Which is it – wide ties or skinny ties? Bell bottoms or straight legs?
I am convinced that if you wait long enough the old will become new again and the out-of-vogue will return to fashionable. Recently, I asked if brand loyalty was dead? In the context of that question I posed data to suggest that in some categories thought to have high brand loyalty (such as over-the-counter medication brands) consumer’s were trading down based on commoditized price considerations. But the pendulum appears to be swinging back again based on findings from the annual RetailingToday.com ‘s Top Brands report.
As you know the Top Brands survey has been going on now for over two decades and provides an important benchmark for the retail sectors since it tracks “consumers’ unaided expectations when it comes to brand names they look for at mass market retailers.” The study polls consumers on their expectations across 17 product categories, and this years results are of particular interest given the volatility of the marketplace. According to the results of the study “top brands weathered the recession and have emerged even stronger last year with an increased percentage of consumers in 13 of the 17 measured categories, indicating a stronger brand preference when compared with the prior year … In the other four categories where brand preference did not increase year over year, it either held steady or was down only slightly.”
The authors of the study go on to suggest that “The overall surge in brand preference is noteworthy because it took place against the backdrop of one of the worst recessions anyone can remember, which caused a predictable shift in purchase behavior as shoppers deferred purchases or sought less-expensive alternatives. However, that was only the beginning. Top brands also withstood efforts by their trading partners to reduce expenses and simplify operations by reducing assortments, oftentimes at the expense of shoppers who were then left to wonder why they couldn’t find the very item that was responsible for them visiting a particular store. In addition to retailers’ efforts to pare assortments, brands had to withstand retailers’ increased emphasis on their own brands, with notable examples involving the relaunch of Great Value at Walmart and the introduction of Up & Up at Target. “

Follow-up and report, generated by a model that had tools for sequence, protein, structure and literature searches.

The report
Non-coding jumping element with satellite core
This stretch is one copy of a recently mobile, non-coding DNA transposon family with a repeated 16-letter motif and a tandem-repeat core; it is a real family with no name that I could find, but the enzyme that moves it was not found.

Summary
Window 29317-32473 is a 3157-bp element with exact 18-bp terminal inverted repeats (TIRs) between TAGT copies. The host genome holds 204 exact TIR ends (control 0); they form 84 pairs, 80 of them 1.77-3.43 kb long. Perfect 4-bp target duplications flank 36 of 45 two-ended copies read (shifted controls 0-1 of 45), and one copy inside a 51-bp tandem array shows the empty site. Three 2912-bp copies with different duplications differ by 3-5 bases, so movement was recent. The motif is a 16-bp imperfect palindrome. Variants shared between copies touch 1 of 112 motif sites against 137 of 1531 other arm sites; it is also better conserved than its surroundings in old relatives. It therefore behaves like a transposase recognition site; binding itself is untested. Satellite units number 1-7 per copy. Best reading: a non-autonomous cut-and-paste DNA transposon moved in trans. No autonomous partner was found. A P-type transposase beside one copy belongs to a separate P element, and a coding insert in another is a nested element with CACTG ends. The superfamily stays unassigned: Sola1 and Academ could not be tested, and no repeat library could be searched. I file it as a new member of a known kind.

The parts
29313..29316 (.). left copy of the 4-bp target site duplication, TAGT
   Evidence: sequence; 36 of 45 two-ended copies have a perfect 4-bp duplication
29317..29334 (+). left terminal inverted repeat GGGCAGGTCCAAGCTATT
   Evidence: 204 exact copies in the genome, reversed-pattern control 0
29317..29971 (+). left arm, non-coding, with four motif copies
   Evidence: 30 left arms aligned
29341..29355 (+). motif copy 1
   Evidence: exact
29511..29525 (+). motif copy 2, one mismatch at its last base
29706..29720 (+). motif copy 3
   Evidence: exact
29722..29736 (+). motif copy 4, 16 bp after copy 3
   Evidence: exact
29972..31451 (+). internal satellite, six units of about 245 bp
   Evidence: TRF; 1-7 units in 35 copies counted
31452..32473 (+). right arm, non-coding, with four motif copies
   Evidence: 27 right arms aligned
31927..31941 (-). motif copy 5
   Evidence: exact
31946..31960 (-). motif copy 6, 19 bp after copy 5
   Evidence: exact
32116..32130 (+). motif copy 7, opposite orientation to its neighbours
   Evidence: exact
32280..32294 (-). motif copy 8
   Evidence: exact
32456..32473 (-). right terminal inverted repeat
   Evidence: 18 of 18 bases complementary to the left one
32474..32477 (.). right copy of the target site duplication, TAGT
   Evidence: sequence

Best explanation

If you have an interest in a specific sector of the retail market the RetailingToday.com results are essential reading. For those outside of retail, the broad implications of the study are also important. Consumers truly do seek out brands and expect to find major brands during their shopping experience. By creating not only product excellence but also a positive emotional connection through your products, people seek out your business as well.
People look for names like Coke, Nike, Hanes, Crest, and Cover Girl and frequent businesses that carry them. While those brand names have been aided by advertising and marketing, each has had to produce products that exceeded expectations and position their brand identity beyond the attributes of their product offerings. Each top brand has had to meld into the lifestyle and social identity of consumers such that buying the product connotes certain emotional and social truths for the purchaser.
So let’s bring this back to you, what one thing can you do to strengthen the perception of your brand? How do buyers in your market sector see themselves? What do they value? What can you do to authentically connect your brand to the things they value? What community events can you support? How can you infuse the customer experience with aspects consistent with their values?
While style fads may change and economic hardships can create temporary adjustments in consumer behavior, in the end “brand strength” and customer experiences WILL forever matter.